Vice News claims UFO & QAnon Connection is Disinformation

Vice News Q and UFOsOn October 29, MJ Banias from Vice News wrote an article claiming that “QAnon and UFO Conspiracies Are Merging”. Banias promotes an alleged “disinformation expert” to make the case that questions arising from a linkage between the Deep State, UFOs and QAnon are harmful, and those investigating such questions are merely opportunists.

Jordan Sather from Destroying the Illusion is a particular target for Banias’ article that devotes much time to him and his comments connecting QAnon and UFOs. I also get a dishonorable mention for one of my articles linking Trump, QAnon and UFO’s, as does Dr. Steven Greer, founder of the Disclosure Project. In fact, I wrote about the Q Anon and UFO connection here.

Sather’s YouTube channel has nearly 200,000 followers thus making him a juicy target for those from the mainstream media threatened by the growing popularity of alternative media sources, which are routinely labeled as “fake news”.

It’s worth mentioning that the “fake news” term was initially pushed by mainstream media sources wanting to delegitimize the alternative media which the US and the global public were increasingly visiting to inform themselves on multiple issues. The breaking point was Hillary Clinton’s presidential election loss, which was largely attributed to alternative media support for Trump’s campaign.

The “fake news” label has been subsequently used to demonetize, shadow-ban and remove countless alternative media websites, YouTube channels and social media pages to ensure that the 2020 election goes more along the path desired by those controlling the mainstream media.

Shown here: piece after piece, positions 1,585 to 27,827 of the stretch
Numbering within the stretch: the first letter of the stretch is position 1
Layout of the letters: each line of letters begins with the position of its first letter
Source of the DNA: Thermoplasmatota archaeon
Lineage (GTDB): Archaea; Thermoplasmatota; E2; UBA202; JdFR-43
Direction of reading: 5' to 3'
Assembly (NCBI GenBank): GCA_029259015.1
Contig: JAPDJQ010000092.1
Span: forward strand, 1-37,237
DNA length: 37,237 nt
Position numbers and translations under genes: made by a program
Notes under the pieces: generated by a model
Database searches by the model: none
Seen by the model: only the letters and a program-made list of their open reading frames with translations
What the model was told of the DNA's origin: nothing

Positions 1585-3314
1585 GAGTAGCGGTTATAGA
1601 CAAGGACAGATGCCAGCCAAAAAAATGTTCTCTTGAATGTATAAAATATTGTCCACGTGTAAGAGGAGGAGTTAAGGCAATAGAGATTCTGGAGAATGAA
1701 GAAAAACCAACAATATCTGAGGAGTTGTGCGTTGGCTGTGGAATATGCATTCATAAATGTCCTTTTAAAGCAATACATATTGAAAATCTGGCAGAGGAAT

QAnon has exposed the mainstream media as tightly controlled in multiple posts showing that many journalists get talking points sent to them each morning at 4 am, which are then used to craft their news articles. For example, in a January 18, 2018 post (561), QAnon wrote:

MSM is FAKE NEWS.
Propaganda.
Talking points [4am] – private email addresses.
Paid contractors.
JUDGEMENT DAY.
Q

Those journalists faithfully writing up their (4 am) talking points to the satisfaction of their media handlers are “paid contractors” who are subsequently promoted, honored and rewarded in multiple ways.

This perspective promoted by QAnon helps explain why President Trump has been so strident in publicly attacking the mainstream media as fake news. He well understands that many celebrated media pundits are nothing more than hacks receiving 4 am talking points to focus exclusively on in their writing and news commentary.

Trump is the proverbial prophet warning of the coming Judgement Day, foretold by QAnon, that will expose the media hacks that are “paid contractors” for the Deep State.

Sather responds to Banias’ article with an entertaining Youtube video deconstructing the multiple fallacious points in his article. It’s well worth watching to understand why Banias and Vice were targeting Sather over QAnon and the UFO connection.

What I found particularly interesting was Banias’ promotion of Ben Decker from the Global Disinformation Index who is cited extensively as a “disinformation expert” who can get to the truth behind conspiracy theorists. Banias wrote:

Disinformation experts say that the intersection of conspiracy theories is common, and can be particularly dangerous.

“I think that intersectionality is really important when discussing various online conspiracy theories whose relevance is partially handcuffed to the news cycle,” Ben Decker, lead analyst for the Global Disinformation Index said.

Interestingly, when going to the Global Disinformation Index one finds no reference to Decker in the “about” page. The only references to him are five articles he has written on the GDI site since May 3, 2019. We don’t know anything about Decker other than him writing some articles in 2019, yet this is enough to make him a “disinformation expert” according to Banias.

We know that Global Disinformation Index has only been in existence since early 2019. It is a UK registered not-for-profit organization that acknowledges receiving funding from the UK government, philanthropy, and companies. GDI’s funding is a red flag raising the possibility that the GDI is a front sponsored by one of the UK’s intelligence services conducting online disinformation.